The diversity of human interests, human desires, and human abilities is in effect infinite, and so too, therefore, are the uses of labor and opportunities for employment. Surely there are many paths to a “right livelihood” waiting to be discovered. And yet there sits official Washington, along with its supramarginal gurus in the media, trying to figure out how to “create jobs” like an ape doing one of those monochromatic jigsaw puzzles with half the pieces missing, desperately working at “manipulating the world in order to get what we want from it,” forcing together pieces that do not fit.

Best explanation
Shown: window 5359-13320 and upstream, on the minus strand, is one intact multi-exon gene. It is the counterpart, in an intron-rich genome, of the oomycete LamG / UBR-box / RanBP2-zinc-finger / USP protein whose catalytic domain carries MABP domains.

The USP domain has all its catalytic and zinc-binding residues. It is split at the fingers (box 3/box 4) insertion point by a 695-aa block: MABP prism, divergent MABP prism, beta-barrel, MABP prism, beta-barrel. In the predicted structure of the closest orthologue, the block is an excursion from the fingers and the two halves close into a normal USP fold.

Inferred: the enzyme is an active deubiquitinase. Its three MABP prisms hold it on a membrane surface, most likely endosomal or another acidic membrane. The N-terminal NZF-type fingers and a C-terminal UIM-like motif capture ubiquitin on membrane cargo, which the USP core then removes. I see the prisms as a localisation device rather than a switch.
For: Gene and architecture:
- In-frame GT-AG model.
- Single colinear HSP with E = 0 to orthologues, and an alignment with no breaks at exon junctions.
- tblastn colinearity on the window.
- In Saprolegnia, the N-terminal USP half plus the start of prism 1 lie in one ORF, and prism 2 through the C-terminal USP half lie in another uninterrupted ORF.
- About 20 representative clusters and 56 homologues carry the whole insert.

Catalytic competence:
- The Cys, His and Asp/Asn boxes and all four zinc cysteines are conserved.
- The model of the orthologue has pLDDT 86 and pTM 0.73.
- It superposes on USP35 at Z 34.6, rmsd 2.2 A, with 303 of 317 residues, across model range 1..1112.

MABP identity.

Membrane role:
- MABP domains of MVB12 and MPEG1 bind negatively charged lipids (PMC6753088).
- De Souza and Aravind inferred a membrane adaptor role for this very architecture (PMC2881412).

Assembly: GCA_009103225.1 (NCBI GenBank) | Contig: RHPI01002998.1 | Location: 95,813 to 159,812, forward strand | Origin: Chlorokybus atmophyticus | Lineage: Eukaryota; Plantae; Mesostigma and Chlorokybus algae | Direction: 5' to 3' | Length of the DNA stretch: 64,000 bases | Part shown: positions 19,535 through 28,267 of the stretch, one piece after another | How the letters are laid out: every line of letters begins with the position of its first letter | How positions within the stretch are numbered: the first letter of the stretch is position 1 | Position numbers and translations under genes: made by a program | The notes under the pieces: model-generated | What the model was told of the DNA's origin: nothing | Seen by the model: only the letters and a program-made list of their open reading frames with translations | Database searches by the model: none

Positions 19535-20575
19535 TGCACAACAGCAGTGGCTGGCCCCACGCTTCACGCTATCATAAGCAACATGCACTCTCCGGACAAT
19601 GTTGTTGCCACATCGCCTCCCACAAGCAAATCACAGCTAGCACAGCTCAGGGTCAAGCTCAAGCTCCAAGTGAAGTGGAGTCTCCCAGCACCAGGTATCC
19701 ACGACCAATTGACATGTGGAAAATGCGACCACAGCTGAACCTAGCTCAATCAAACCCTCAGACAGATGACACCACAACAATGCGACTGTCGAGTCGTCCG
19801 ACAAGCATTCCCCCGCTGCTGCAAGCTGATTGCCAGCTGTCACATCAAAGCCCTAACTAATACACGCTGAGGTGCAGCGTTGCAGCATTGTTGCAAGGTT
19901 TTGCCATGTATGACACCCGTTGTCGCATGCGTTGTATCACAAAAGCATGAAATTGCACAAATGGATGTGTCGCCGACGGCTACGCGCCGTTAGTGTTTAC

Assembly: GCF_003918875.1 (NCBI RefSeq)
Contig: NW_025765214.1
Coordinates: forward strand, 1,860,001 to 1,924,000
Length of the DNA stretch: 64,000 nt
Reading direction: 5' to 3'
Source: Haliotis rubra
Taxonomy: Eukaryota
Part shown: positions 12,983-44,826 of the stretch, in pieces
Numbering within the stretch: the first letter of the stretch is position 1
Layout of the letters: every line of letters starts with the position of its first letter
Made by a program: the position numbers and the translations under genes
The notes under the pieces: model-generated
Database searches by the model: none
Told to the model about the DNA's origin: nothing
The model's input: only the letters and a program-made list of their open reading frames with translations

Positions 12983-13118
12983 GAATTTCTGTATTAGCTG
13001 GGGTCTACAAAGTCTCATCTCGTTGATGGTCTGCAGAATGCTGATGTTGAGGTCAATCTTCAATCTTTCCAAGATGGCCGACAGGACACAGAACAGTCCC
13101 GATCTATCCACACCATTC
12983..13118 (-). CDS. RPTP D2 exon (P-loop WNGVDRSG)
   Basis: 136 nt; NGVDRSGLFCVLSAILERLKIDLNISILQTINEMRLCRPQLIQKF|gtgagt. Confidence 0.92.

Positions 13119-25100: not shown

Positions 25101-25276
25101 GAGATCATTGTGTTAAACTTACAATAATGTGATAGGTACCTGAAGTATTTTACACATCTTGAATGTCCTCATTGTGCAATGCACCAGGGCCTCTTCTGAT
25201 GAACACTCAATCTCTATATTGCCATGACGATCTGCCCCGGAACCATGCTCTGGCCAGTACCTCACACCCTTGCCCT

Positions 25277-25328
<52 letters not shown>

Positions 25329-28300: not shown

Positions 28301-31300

And that is the perverse price of politics: that there are so few jobs to be had when there is so much work to be done.

Do read the whole thing.

“Liberated” From Not Having to Work? Not So Fast! by The Elephant's Child

Perhaps the gales of laughter have reached ears in the White House. Can you possibly believe that they didn’t know that people would find their insistence that losing a job was liberating and you would no longer be locked in a job and could write poems or make music. In any case, people do not seem to be feeling “liberated” by the lack of jobs.

The January job numbers were dismal. Spinning 113,000 gains in hiring is not too hard, because anything over 100,000 sounds like a positive, but back to back  gains in hiring were the weakest in three years. The 48,000 rebound in construction probably reflects a bounce-back from weather-depressed readings in December. The fall in the unemployment rate reflects, not more people hired, but more people dropping out of the work force.